Secondly, the data will be analyzed so that we can define an intent catalogue, that is, all the categories of customer requests/reasons for calling that can be handled by the system. For vague intents requiring a more precise classification, we will need to define a disambiguation strategy, which consists of defining the questions to ask the caller to help them clarify their intent. Finally, for every specific intent, we will need to determine the right destination, whether an agent group or a self-service, able to respond to the caller’s request.

With the data that was gathered during the data collection step, we will then train and tune the speech recognition and NLU modules to successfully recognize the utterances spoken by the callers and correctly classify their intents.

The IVR application for a NLCS is simple. This is partly what makes it an ideal first step in the transition towards conversational IVR. In the flow of such an application, the system asks an initial question, after which it may ask for a confirmation depending on the confidence level of the NLU module. Then, if the request is vague, a disambiguation dialogue may be necessary. Finally, based on the intent identified from the caller’s request, the call will be routed to the right destination.

There are thus very few states in this application. This significantly simplifies design, development, as well as testing.

Once the application is completed, we will proceed with a pilot phase. Typically, during the pilot, the new NLCS solution will only be exposed to a fraction of the customer base. This will allow not only to measure, but also to improve the application performance. Caller utterances will be collected and will be used to enhance the NLU model. During the pilot, it would also be wise to take the opportunity to survey users on their new experience. Once adjustments are made, it will be possible to make the application available at a larger scale.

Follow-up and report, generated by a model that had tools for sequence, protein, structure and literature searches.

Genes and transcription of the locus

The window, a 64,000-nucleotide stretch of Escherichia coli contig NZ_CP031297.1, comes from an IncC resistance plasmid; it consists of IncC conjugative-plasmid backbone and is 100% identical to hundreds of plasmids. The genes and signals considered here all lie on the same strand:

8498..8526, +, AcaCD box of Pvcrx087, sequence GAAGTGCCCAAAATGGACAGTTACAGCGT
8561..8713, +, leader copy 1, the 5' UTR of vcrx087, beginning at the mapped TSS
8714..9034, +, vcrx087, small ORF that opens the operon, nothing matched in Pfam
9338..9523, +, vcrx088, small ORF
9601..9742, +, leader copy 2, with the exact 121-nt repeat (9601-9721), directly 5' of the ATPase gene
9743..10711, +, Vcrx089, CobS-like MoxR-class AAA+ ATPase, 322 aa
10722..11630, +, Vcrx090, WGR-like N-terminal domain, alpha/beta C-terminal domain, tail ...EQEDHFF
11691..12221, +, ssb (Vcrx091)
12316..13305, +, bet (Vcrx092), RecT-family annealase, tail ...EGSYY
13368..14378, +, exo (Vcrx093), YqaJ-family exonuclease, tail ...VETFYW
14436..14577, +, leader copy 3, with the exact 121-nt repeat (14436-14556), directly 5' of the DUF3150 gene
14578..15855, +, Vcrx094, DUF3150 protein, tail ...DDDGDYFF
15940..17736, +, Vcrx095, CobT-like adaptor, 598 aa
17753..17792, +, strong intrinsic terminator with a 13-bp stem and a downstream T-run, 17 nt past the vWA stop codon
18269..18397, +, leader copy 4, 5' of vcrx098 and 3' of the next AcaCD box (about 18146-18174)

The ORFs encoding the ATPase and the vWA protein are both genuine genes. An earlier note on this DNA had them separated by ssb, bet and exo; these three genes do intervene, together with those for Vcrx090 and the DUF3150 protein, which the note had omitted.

Following deployment in production, it is important to periodically retrieve caller data in order to improve the NLU model. These post deployment optimizations allow the application to adapt to evolving customer requests.

Here is a simplified view of the development process:

Harvesting the fruits

Reducing the number of incorrect transfers is the main benefit of a NLCS solution and will contribute to improving agent utilization. As a consequence, contact center operational efficiency will increase. By the same token, users will feel less frustrated, which will improve not only customer but also agent experience.

The efficiency and user-friendliness of the conversational interface, in conjunction with the fact that clients can express themselves naturally in their own words, are additional factors that contribute to a better customer experience. The contact center being the connection between the organization and its customers, a better customer experience translates into an increased loyalty.

The new solution will shed light on the actual call reasons. A traditional IVR only reflects what callers select among options that the organization assumes they’re calling about, as opposed to unfiltered natural language utterances that can help identify recurring problems or questions that could be handled by self-services (phone or otherwise). Having this information on hand will also allow us to focus our efforts on optimizing design for the most frequent queries.

The NLCS also offers the possibility of regrouping many phone numbers under a single point of contact. It makes it unnecessary to separate services in order to reduce the complexity and size of the menus. All is available at the first interaction. With a single number, we avoid frustrating callers by forcing them to look for the right number to use or having them use the wrong doorway.

Gaining experience